The flavors or intensity depends on the coffee brand. That is why I always order one pingo because I’m not too fond of intense coffee.

Eat Like Locals in Portugal

Indulging in the local cuisine while dining out in Portugal is an absolute delight and the best part? It’s incredibly affordable too! However, it’s always helpful to know the customary practices when ordering at Portuguese cafes and bakeries to ensure a smooth and enjoyable experience while avoiding any potentially awkward moments.

Now, brace yourself because we’re about to embark on a mouthwatering journey through the world of incredible Portuguese pastries. These descriptions are so tantalizing that if you find yourself feeling hungry, it’s highly recommended to grab a quick bite before diving into this delightful read. You’ve been warned!

Portuguese bread

What do they eat for Breakfast in Portugal?

Curious about the breakfast culture in Portugal? Well, prepare for a delightful surprise! Unlike the typical eggs and bacon breakfast, the Portuguese have their own unique morning routine. Picture this: a steaming cup of coffee with milk accompanied by a delicious piece of bread. It’s a simple yet satisfying way to kickstart your day in Portugal. However, fear not! If you prefer a more extensive breakfast spread, most hotels offer a Continental Breakfast option complete with eggs, bacon, tomatoes, fruits, yogurt, coffee, and bread.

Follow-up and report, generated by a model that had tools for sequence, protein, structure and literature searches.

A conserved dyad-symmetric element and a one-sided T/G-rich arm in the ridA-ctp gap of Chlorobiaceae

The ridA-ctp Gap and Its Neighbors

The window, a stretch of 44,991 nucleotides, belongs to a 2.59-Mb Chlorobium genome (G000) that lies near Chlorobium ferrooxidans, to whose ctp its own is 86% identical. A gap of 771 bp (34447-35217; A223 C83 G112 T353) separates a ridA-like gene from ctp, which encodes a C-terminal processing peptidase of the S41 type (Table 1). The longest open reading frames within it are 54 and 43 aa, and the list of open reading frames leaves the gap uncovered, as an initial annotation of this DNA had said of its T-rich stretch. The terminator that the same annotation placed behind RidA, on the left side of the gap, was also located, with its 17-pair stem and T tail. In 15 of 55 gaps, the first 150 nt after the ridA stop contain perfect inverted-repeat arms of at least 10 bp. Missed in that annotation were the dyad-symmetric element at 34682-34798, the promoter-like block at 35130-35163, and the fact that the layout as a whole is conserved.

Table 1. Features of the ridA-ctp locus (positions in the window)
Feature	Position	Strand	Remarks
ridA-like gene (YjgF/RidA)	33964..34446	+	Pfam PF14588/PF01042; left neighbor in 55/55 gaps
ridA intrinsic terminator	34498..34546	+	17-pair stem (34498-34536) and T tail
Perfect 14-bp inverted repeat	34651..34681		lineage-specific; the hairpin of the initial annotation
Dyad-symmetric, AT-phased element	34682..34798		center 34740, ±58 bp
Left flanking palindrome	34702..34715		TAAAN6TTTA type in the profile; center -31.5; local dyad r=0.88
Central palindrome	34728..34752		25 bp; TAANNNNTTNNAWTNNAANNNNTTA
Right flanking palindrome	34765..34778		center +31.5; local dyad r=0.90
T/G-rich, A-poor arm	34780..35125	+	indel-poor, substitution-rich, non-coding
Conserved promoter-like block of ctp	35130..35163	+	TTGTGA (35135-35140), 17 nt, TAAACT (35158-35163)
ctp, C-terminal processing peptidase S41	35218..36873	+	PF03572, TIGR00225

Now, let’s talk about the mouthwatering treats that make Portugal a paradise for pastry lovers. From heavenly cakes to perfect bread and aromatic coffee, this country has it all. To get your taste buds excited, we’ve curated a list of some must-try cakes and bread that you simply can’t miss during your time in Portugal. Get ready to indulge in a world of irresistible flavors!

Top Portuguese Pastries to Know and Try

Want something sweet to go with your coffee? Check here the top Portuguese pastries to know and try.

Pastel de Nata – The Portuguese Egg Custard Tart

a cup of coffee and custard tarts in lisbonLet’s travel back in time to the early nineteenth century near the Jeronimos Monastery in Portugal. Back then, a small general store was accompanied by a sugar cane refinery, forming an intriguing setting for a delicious tale.